Ten questions for Heidrun Bohris, a firmware specialist, who has been supporting our development department with her technical expertise since 2010.

When you were a little girl, what did you want to be when you grew up?
I can’t remember myself but my mother once said that I was determined to be a doctor’s assistant.

And when did you decide that you wanted to study electrical engineering?
After I completed my apprenticeship as an engineering assistant. Prior to that, immediately after I left school, I wouldn’t have dreamed of doing something like that. At that time, that was something that only a few nerds studied.

Why did you decide to enroll in a technical degree? Was it a question of the only thing being left to do?
Economics or something along those lines was out of the question – I hate even having to complete my tax return (laughs). People who study languages mostly go into teaching and I didn’t want to do that either. And I didn’t have the stomach for medicine. During my apprenticeship I became aware of the things that a development engineer does and discovered that this was also precisely what I wanted to do.

As a firmware programmer you are working in an area dominated by men, aren’t you? Yes. At least that’s been my experience. In three places where I worked I was invariably the only woman. However, I often had female colleagues in the software department.

What exactly do you do at SVS-Vistek?
I am responsible for programming industrial cameras. That involves controlling the image sensor (CCD or CMOS), image processing (error correction, image quality optimization) and the transmission of the image data to the PC via various interfaces (Ethernet, CXP).

What do you find so fascinating about FPGA programming?
The fact that I am so close to the hardware. You are really directly involved in the electronics rather than merely pushing a few buttons on the screen. Others may see only a blinking LED but as a FW engineer you have a feeling of great joy. The epitome of that is to see a camera image on the PC in which something is moving. And you can fiddle around with the algorithms to your heart’s content until you get a perfect image.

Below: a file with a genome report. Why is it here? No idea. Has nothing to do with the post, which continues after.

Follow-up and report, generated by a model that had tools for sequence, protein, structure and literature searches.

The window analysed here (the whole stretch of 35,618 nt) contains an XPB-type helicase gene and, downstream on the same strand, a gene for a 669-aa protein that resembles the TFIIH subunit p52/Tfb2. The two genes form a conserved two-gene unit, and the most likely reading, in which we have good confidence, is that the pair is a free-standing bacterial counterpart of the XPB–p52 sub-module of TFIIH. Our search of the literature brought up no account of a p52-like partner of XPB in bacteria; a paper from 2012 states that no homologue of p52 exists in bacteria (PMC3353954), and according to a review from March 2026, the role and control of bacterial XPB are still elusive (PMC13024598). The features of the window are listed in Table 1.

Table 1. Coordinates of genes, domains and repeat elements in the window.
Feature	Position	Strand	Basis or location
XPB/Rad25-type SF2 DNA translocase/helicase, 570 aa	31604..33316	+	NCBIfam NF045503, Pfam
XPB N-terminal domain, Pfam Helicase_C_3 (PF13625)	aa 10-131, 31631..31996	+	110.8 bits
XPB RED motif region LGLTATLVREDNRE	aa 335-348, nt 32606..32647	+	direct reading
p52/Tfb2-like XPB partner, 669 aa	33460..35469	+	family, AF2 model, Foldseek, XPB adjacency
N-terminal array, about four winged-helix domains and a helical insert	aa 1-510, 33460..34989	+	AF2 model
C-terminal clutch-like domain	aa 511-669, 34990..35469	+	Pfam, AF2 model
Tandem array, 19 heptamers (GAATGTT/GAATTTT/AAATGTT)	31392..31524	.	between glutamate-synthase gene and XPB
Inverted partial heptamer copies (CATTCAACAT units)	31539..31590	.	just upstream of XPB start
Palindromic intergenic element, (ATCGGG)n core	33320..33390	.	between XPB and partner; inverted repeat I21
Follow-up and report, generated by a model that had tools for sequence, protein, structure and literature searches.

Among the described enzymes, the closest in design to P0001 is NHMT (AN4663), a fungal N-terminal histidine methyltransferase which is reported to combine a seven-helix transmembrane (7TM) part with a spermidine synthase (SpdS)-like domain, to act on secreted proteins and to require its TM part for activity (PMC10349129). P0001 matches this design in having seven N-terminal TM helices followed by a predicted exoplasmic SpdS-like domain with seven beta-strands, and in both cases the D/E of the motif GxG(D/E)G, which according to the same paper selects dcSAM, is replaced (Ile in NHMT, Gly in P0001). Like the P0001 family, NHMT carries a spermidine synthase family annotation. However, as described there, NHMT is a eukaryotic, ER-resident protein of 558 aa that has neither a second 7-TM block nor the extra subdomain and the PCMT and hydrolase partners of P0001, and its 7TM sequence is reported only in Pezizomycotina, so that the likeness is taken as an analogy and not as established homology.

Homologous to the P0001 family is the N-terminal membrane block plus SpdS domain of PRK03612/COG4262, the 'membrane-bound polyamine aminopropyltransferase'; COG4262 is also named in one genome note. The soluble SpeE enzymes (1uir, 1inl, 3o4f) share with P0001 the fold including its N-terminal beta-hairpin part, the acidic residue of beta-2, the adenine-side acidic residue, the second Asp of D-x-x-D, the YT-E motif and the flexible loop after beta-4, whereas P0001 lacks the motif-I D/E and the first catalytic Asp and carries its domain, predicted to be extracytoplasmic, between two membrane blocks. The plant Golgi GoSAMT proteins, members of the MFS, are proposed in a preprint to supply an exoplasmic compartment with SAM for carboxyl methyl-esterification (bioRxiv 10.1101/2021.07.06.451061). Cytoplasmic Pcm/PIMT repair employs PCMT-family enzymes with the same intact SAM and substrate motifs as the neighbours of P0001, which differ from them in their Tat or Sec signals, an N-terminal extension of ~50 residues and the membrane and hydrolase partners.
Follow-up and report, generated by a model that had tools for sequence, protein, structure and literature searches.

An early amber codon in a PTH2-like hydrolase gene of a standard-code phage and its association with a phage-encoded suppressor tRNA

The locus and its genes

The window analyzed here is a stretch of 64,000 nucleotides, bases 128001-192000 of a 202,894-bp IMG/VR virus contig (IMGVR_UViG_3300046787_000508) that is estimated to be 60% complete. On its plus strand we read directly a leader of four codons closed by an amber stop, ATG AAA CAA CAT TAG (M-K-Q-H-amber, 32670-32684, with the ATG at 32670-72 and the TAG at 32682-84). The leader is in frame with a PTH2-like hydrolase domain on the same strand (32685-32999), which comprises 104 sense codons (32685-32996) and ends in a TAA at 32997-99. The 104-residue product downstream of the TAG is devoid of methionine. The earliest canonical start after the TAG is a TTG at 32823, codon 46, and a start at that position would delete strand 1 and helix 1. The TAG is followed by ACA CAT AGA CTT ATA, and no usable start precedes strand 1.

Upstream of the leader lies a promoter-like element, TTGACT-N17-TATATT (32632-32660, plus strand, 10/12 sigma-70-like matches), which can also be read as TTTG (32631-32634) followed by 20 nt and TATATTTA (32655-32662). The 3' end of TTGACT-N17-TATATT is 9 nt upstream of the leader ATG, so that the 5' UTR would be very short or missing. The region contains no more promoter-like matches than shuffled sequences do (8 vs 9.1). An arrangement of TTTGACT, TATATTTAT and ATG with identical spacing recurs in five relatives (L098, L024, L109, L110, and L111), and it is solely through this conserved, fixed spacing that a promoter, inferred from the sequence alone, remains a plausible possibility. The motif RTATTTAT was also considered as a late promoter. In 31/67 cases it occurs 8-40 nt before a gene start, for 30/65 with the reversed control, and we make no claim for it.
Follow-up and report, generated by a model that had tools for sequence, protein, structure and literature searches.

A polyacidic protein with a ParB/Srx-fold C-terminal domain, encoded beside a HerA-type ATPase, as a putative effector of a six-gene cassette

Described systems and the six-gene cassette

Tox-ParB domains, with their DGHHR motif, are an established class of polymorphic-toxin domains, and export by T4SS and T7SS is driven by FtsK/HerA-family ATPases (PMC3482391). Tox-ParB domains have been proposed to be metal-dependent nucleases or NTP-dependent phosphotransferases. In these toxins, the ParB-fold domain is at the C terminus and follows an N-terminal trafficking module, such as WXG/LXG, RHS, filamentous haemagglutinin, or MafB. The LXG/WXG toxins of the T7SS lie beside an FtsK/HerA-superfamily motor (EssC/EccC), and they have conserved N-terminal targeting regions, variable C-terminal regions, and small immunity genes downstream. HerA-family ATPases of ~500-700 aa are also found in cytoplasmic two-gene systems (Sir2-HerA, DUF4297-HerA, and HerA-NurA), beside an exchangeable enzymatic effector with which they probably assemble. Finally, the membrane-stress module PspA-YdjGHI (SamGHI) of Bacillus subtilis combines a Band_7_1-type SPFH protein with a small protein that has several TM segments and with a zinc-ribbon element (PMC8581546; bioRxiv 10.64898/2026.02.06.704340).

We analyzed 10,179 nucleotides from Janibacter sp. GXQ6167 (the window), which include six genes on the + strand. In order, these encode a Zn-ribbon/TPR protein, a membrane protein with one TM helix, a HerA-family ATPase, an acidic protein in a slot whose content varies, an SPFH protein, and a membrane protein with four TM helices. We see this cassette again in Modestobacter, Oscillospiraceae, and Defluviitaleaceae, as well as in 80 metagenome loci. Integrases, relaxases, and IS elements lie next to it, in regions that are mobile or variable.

What projects are you working on at the moment?
At the moment I am integrating a number of features in the HR25 and the SHR47 with the CoaxPress interface. We already have an image but want to be able to reduce its size or rotate it, for example.

What is the most difficult task that you have had to solve with SVS-Vistek firmware to date?
We recently had an error in a prototype that was very well concealed. It was very difficult to localize and reproduce it.

And did you find a solution?
Yes, but only by working in a team. Someone describes the problem, while the solution occurs to someone else. This is how you tackle the problem.

You are a working mother – how do you manage these two aspects of your life?
I change hats when I leave for work in the morning and at noon when I come home again.

What do you think that the company and the government can do to achieve a better balance between having a family and working?
I must admit that we have always been lucky enough to find a place in daycare centers, kindergartens and lunch-hour child care without too much of a delay. And I am able to organize my working hours fairly flexibly. For instance, I can go home for an hour at short notice or stay longer at work when my daughter is with her grandmother. So we have no major problems.

What do you do when you are not programming firmware for SVS-Vistek? House work, helping with homework for example. In my spare time, I do yoga, go swimming and go on hikes.

With firmware there is no risk of infections. However, in real life, there is currently a high risk of contagion - what are your recipes for dealing with the sniffles or a cold?
Spending as much time in the fresh air. And if it’s not too cold or wet, I cycle to work. That way, I don’t have to go to a fitness center!

Many thanks for the conservation

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